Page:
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Demonstrators protest against the Supreme Court decision overturning Roe v. Wade in Grand Park in Los Angeles Sunday.

Jason Armond/Los Angeles Times/Getty Images

While the content of Friday’s Supreme Court decision overturning Roe v. Wade is not a surprise, it is devastating. Those of us in the California higher education community support reproductive rights, and at this critical juncture we must pause and reflect upon what this means for women and their right to educational access nationwide. As mothers and as educators, we understand what is at stake. These data are clear.

More than half of people who access abortion are in their 20s, which means many are likely to be pursuing higher education. In fact, studies show that one in seven people who had an abortion did so in order to continue their education; the Guttmacher Institute, a research and policy institute focused on reproductive rights, puts this figure closer to 40 percent. The ruling therefore takes direct aim at our nation’s college students. Even more distressing is the realization that the impacts are felt most profoundly by our students of color and by individuals from lower socioeconomic backgrounds. Only modestly impacted by yesterday’s ruling, more privileged women will simply “go shopping with the girls” for the weekend in a blue state.

The writer Sheelah Kolhatkar recently summarized what is at stake by describing the effects of the legalization of abortion in the 1970s: “Women who were able to delay motherhood through legal access to abortion were much more likely to finish college, pursue higher degrees, spend longer in the labor force, and enter higher-paying occupations; they were much less likely to fall into poverty later in life.” Of course, the effects of this ruling in higher education will extend beyond students, for example by affecting admissions and enrollment patterns.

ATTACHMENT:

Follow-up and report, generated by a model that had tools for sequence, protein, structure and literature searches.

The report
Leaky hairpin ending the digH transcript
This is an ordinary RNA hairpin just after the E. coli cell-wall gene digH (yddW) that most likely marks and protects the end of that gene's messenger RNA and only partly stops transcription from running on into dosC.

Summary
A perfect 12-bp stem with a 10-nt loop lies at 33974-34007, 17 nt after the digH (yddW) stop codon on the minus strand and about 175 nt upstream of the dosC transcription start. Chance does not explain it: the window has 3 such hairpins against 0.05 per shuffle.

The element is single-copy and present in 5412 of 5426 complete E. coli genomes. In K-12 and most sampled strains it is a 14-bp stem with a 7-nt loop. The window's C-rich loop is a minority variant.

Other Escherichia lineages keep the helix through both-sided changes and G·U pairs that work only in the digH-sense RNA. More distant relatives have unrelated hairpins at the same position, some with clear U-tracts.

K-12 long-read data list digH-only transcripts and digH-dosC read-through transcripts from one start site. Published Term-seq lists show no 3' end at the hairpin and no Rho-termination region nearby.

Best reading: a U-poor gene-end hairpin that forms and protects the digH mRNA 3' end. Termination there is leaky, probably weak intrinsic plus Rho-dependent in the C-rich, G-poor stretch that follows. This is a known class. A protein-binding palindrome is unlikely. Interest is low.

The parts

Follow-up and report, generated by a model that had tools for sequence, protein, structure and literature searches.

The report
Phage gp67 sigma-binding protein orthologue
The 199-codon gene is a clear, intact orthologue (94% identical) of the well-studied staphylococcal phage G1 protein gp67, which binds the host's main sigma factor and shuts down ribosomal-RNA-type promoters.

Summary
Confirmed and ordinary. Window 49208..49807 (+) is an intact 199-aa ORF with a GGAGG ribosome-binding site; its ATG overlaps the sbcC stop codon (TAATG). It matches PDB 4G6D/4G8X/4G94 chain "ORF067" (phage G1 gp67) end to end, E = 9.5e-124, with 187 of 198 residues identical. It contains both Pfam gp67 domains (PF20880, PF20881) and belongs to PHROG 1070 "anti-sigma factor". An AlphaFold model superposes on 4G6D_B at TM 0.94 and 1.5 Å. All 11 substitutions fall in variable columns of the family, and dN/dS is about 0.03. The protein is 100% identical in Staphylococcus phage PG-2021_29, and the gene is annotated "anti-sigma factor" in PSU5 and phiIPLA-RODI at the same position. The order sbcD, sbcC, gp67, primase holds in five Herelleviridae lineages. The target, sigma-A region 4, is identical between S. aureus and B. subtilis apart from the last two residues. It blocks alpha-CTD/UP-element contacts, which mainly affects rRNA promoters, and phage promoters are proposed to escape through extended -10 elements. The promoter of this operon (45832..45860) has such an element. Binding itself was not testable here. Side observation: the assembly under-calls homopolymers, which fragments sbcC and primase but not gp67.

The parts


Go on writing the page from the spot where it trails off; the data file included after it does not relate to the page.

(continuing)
Nearly 60 percent of America’s college students are women, and without access to safe reproductive health care, their admission, enrollment and graduation becomes that much more precarious. All of this perniciously undermines the transformative power of education and information—the potential for transformation being at the heart of our work.

This comes at a time when parent students are already struggling with astounding levels of basic needs around food and housing insecurity, challenges the pandemic has only exacerbated. The compounding impacts are horrifying. Despite the hopeful stories, only 8 percent of single mothers who enroll in college manage to earn a degree within six years. Put another way, 92 percent of single-mother students do not graduate with a life-transforming, income-enhancing credential. Without access to safe and affordable access to abortion, career options are largely erased for our society’s most vulnerable citizens.

To be sure, the fall of Roe will have ripple effects in every sector of society. As a higher education community, we are uniquely qualified to address many of these effects head-on. Our work for equity and justice has now become more difficult, and we must mobilize with collective determination. This fight is not over.

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